How Amazon Ruined the Publication of a Secret J.D. Salinger Novel
"Hapworth 16, 1924" was set to have a zero-fanfare release—until the fledgling e-commerce giant spilled the beans
Electric Lit relies on contributions from our readers to help make literature more exciting, relevant, and inclusive. Please support our work by becoming a member today, or making a one-time donation here.
Each “Unfinished Business” will examine an unfinished work left behind by one of our greatest authors. What might have been genius, and what might have been better left locked in the drawer? How and why do we read these final words from our favorite writers — and what would they have to say about it? We’ll piece together the rumors and fragments and notes to find the real story.
In November of 1996, Orchises Press, a tiny independent publisher in Alexandria, Virginia known mostly for putting out small books of poetry, quietly began to tell booksellers that early the following year it would be publishing the first new book by JD Salinger since 1963. The book had an odd title, Hapworth 16, 1924, and would mark the first break in the reclusive author’s decades-long silence. Curious Salinger fans soon were even able to preorder the book on a new bookselling website, Amazon.com.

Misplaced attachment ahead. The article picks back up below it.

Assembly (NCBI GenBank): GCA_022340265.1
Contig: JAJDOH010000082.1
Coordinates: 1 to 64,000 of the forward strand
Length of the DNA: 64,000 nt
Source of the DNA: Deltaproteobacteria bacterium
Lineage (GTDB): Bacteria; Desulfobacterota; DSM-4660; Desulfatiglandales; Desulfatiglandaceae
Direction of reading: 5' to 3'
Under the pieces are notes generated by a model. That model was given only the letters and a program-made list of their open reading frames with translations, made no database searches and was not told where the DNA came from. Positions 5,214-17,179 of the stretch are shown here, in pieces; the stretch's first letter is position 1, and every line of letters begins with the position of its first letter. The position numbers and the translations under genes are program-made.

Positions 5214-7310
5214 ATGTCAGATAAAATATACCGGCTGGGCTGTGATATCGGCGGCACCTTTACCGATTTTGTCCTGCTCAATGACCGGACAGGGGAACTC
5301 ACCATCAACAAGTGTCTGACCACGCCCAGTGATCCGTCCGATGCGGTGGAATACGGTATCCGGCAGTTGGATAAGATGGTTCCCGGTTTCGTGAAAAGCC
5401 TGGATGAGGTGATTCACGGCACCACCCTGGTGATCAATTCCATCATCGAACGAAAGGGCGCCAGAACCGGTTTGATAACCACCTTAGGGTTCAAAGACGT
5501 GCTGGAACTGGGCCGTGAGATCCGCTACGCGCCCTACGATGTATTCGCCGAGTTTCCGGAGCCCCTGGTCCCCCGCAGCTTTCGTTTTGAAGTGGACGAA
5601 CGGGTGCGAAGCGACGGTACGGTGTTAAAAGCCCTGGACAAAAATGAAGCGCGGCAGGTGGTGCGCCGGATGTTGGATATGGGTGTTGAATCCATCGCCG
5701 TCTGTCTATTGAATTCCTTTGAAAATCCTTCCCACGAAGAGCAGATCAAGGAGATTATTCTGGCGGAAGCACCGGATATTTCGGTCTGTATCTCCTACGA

There was no official release date set, but it was said to be expected in April. But as April arrived, a notice went up on Amazon.com saying that the publication was delayed indefinitely. In the end the book was never published, and neither was anything else by J.D. Salinger, even after his death thirteen years later, in 2010.
What was Hapworth 16, 1924, and why had it almost–and then not–been published? Only recently have readers finally begun to get some answers. The saga of Salinger’s missing book spans decades, involves a 20,000 word New Yorker story about summer camp, former New York Times book critic Michiko Kakutani, billionaire Jeff Bezos, and a man named Roger Lathbury who dreamed of bringing his favorite author out of hiding.
Today, most readers know J.D. Salinger for his 1951 novel The Catcher in the Rye and its protagonist Holden Caulfield. The novel remains widely-read around the world and is assigned often in high school English classes, despite perennial debates about its continued relevance. J.D. Salinger spent the better part of the 1940s writing stories about Holden and the Caulfield family, sending pieces like “The Last and Best of the Peter Pans” and “A Slight Rebellion Off Madison” to editors at Story Magazine and the New Yorker, even while he was a soldier in Europe during World War II.